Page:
How were tanks repaired on the field during the Second World War? (Video)

How were tanks repaired on the field during the Second World War? (Video)

Some people might not know, but the history of the Second World War has a rich community of enthusiasts on the internet. People love analysing battles, personalities and, of course, weapons. However, there is one area of the history of the Second World War that is rarely touched upon and does not have as many enthusiasts as others. Do you know how tanks were repaired on the field during the biggest conflict in humanity’s history?

Track and suspension repairs were probably the most common. No 1 Army Film & Photographic Unit, Wikimedia

This article will not attempt to solve any mysteries of the WW2. It will not try to improve your knowledge about tank repair operations to an unprecedented level. Instead, it will briefly go through some interesting details of tank repairing that some people still get wrong. It is meant to invoke your interest and to show a peculiar side of military history that not many people think about.

Tanks were extremely important in the Second World War. In some places, people still believe in legends and myths that damaged tanks were left behind. While that certainly happened in some cases, tanks were usually rescued and repaired. Not only they were expensive to make, they were extremely valuable in a battle and different units could not afford to wait for new machines to arrive. If repairs were not possible (if the tank was too badly damaged), machines were salvaged for spare parts, so that lightly-damaged tanks could be brought back to battle.

Specialized vehicles had to rescue damaged tanks from the battlefield. No 1 Army Film & Photographic Unit, Chetwyn (Sgt), Wikimedia

Usually, the tanks were not heavily damaged at all, but were immobilized by broken tracks or minor powertrain problems. Abandoning such valuable vehicles was never an option. Therefore, special repair and rescue vehicles used to be sent into the battlefield to recover damaged tanks and other heavy machinery. Some of these vehicles were made using actual tank’s chassis, to give its crew more protection. They would pull immobilized tanks out of the military action zone so that they could be repaired in location or could be sent off to larger repair shops.

Cromwell tank armour gets welded. Mapham J (Sgt), No 5 Army Film & Photographic Unit, Wikimedia

In some cases, crews had to improvise. For example, when tracks get broken and lack some segments, they are shortened – as long as they cover the driving star, the tank will move. Not very fast and not very smoothly, but it is certainly enough to move to a new spot for further repairs.

Broken tracks had to be repaired on the run. You can see a Churchill ARV – repair and rescue vehicle – in the background. Mapham J (Sgt), No 5 Army Film & Photographic Unit, Wikimedia

Sometimes working in field conditions required some unconventional methods and creativity. For example, when the British Churchill tanks were going through some field tests, crews struggled with gear selector levers – they were bending and breaking because of the light-duty metals used to make these rods. Mechanics quickly found a solution – semiaxles from Ford vehicles fit perfectly and were much stronger.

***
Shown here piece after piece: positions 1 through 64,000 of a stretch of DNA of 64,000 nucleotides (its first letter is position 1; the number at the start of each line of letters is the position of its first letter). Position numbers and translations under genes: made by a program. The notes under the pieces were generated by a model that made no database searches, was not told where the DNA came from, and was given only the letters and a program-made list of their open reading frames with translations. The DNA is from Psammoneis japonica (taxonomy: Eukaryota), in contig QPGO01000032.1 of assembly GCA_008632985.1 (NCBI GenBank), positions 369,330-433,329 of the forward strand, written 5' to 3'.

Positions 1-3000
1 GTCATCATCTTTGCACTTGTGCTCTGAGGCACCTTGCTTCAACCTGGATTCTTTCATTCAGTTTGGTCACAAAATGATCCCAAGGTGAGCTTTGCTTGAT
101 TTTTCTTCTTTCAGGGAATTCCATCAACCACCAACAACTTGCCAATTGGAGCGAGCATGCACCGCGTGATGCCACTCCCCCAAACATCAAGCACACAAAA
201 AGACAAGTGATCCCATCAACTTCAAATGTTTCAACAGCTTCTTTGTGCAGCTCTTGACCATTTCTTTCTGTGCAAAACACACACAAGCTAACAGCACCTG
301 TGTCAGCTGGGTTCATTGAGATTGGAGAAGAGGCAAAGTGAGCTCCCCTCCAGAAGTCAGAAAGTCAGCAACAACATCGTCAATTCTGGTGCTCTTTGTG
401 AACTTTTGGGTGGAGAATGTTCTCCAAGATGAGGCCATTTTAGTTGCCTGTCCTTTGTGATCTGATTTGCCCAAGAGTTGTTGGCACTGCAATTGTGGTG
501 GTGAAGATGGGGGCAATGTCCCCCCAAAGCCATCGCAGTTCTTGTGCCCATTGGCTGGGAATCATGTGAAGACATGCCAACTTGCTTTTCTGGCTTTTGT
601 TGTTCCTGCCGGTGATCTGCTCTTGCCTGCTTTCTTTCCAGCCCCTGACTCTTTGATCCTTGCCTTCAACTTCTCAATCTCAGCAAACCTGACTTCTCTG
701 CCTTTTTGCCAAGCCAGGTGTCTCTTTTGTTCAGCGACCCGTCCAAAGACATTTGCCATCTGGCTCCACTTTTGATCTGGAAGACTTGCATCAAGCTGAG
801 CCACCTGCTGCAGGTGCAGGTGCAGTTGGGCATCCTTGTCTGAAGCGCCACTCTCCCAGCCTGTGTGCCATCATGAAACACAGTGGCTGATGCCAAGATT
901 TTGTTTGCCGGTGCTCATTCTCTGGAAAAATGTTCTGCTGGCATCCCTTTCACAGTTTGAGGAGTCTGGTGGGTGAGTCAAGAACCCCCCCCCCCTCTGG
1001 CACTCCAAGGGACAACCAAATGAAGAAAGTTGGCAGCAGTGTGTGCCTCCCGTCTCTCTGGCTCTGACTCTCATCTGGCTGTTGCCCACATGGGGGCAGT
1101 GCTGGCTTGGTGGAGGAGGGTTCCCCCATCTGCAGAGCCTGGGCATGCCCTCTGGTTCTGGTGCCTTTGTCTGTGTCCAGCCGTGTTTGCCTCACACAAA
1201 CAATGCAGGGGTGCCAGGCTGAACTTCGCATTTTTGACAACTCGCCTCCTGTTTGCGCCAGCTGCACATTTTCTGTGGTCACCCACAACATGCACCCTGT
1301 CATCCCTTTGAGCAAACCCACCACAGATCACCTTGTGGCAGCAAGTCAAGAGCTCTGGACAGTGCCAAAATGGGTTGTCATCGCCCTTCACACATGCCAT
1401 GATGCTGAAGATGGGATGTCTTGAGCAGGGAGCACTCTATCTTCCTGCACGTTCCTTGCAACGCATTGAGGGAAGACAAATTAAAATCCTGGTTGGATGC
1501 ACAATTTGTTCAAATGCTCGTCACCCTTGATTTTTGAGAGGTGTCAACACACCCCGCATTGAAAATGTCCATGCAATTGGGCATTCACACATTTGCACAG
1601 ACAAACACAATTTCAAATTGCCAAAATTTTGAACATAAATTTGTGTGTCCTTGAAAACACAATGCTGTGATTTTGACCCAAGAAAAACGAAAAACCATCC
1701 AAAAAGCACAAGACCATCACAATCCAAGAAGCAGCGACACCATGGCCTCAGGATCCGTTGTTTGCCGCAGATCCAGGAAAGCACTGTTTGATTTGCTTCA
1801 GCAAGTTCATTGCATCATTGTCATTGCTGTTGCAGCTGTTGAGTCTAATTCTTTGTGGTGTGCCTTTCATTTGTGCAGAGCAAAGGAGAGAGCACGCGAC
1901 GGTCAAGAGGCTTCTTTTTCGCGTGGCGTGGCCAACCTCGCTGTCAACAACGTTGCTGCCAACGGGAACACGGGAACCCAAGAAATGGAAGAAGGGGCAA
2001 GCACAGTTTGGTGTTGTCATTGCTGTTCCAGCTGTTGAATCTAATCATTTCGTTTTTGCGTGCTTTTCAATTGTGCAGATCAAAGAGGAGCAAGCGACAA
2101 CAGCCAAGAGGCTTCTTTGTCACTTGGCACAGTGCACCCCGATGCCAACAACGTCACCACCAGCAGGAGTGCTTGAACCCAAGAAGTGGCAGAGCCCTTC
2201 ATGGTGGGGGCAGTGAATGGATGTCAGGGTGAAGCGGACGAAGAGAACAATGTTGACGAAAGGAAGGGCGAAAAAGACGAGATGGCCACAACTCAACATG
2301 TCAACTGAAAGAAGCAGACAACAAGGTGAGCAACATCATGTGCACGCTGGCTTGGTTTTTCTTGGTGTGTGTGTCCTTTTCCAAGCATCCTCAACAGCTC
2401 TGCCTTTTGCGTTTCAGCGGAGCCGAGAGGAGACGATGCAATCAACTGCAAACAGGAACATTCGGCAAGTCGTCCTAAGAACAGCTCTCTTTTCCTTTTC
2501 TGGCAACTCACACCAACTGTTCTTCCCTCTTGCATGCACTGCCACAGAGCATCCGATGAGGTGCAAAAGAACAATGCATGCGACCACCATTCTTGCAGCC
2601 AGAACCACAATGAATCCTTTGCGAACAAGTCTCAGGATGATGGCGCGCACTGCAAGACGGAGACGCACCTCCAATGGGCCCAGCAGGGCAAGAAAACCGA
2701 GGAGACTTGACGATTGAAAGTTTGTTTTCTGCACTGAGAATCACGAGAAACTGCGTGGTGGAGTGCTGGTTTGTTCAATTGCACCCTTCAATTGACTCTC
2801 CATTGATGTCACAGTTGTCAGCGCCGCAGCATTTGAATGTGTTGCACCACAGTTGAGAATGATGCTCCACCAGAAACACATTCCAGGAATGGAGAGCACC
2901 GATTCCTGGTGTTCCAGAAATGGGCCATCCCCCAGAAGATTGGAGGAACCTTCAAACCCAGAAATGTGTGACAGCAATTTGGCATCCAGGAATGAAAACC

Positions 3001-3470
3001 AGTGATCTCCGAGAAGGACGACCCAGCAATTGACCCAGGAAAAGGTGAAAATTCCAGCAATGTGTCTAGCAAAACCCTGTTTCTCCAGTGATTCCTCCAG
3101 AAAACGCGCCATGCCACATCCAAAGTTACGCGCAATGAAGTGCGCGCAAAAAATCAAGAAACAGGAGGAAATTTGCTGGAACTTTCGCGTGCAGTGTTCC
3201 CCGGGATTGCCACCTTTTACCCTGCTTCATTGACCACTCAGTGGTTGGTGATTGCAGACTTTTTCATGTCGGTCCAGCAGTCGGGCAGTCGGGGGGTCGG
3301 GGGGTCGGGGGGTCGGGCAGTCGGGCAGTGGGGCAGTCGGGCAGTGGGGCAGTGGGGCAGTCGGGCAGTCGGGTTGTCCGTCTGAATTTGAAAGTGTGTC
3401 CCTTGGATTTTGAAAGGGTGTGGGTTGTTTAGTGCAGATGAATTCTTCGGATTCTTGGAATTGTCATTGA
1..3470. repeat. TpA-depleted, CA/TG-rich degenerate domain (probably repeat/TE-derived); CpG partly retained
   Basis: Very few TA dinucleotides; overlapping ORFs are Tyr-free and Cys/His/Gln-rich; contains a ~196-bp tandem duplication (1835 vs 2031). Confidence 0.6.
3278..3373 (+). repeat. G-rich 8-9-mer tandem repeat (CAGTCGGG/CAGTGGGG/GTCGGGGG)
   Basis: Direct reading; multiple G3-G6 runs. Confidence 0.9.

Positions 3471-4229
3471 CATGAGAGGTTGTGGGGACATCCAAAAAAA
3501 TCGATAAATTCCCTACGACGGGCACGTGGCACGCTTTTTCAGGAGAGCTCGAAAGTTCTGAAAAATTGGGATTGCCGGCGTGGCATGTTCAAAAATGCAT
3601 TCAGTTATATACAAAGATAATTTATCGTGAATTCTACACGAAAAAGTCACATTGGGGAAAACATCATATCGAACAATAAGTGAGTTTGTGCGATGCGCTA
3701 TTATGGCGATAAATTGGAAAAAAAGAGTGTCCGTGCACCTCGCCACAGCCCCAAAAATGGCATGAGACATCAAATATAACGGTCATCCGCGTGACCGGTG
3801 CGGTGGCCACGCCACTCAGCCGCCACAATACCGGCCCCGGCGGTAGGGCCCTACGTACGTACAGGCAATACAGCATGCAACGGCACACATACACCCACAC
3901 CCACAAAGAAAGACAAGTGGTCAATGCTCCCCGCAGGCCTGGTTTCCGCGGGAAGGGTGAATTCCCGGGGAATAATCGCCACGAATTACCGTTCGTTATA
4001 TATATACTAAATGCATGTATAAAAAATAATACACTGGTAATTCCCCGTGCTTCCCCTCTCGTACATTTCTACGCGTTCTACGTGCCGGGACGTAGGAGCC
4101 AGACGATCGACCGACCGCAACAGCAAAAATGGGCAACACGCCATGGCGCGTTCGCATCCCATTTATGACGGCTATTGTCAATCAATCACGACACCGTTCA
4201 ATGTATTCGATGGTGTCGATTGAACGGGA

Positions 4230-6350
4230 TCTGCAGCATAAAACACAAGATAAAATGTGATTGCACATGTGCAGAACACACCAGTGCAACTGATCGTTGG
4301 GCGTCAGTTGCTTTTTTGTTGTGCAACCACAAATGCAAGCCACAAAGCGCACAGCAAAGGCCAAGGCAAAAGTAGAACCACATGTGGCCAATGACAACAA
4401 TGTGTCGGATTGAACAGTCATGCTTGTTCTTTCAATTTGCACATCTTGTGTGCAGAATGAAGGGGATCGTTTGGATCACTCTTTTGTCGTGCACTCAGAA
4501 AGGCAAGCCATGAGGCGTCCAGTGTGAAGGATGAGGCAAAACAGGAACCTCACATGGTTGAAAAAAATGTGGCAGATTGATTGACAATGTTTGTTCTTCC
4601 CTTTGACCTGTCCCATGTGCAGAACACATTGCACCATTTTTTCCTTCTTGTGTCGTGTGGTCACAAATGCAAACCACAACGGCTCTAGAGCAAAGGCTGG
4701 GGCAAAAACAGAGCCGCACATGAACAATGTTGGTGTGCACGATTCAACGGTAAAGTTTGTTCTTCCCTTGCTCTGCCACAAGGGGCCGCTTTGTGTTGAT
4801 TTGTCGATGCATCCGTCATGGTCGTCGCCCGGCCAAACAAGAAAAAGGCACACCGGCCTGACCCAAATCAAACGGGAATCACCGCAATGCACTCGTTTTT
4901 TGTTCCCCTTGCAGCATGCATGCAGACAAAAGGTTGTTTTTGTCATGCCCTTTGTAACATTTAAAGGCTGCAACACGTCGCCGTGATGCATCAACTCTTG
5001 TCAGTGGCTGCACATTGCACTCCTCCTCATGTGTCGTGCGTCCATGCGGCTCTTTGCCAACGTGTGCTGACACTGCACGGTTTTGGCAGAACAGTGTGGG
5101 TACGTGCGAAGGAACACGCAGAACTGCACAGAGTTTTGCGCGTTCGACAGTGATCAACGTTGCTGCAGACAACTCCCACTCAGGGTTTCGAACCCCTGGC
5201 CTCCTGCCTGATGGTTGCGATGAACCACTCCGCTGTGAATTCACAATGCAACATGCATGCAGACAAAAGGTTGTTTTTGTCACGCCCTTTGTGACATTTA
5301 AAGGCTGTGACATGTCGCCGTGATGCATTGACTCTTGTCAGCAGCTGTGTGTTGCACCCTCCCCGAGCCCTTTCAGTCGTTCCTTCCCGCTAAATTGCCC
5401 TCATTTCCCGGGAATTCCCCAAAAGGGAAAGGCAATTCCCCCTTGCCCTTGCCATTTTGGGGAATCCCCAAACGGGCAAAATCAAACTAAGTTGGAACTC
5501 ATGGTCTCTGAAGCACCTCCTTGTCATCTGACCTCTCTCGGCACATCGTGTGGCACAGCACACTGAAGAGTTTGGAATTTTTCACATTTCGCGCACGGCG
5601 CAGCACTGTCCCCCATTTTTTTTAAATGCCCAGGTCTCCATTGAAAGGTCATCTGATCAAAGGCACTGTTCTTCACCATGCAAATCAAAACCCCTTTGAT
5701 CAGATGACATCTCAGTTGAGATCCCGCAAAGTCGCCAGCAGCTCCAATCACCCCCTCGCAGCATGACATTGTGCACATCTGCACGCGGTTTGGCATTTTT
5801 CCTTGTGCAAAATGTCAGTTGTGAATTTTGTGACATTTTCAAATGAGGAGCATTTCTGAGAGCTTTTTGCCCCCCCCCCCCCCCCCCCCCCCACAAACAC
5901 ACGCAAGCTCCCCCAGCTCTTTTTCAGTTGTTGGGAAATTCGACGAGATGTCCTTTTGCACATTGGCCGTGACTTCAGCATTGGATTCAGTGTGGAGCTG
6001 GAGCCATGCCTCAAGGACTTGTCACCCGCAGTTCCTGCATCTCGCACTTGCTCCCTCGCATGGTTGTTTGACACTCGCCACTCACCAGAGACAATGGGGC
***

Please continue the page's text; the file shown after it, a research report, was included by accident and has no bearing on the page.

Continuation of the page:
In some cases, an entirely new engine had to be installed. Gee (Sgt), No 5 Army Film & Photographic Unit, Wikimedia

In Algeria there were many damaged Churchill tanks, but around 60 % of them sustained damage to the turret only, and were perfectly drivable. Meanwhile, there were two other problems – a large number of damaged Sherman tanks and the shortage of 6 pound ammunition for British tanks. Percy Morrell decided to take the action into his own hands and try and fit Sherman 75 mm gun to damaged Churchills.

Authentic video report about repair operations of American tanks

It took some fettling around, since in American tanks the loader sits on the left and the gunner on the right, while in British tanks their position was inversed. This meant that the breach opened to the wrong side. Morrell solved the problem by simply rotating the gun 180 degrees. The “new” tank was so effective that there was an immediate order to start converting damaged Churchill tanks like this everywhere and around 200 of Churchill NA 75 were made in total.

Tanks with more severe damage were repaired in specialized repair shops. Keating G (Lt), War Office official photographer, Wikimedia

Tank repair was a task that required some hero characteristics from people. They had to be experienced mechanics, but also be able to work under pressure. A lot depended on these people, although now they are not as well known or researched as people who experienced war in front rows. Hopefully, we will revisit this topic in the future, to try and find more interesting details about tank repair operations in the Second World War.



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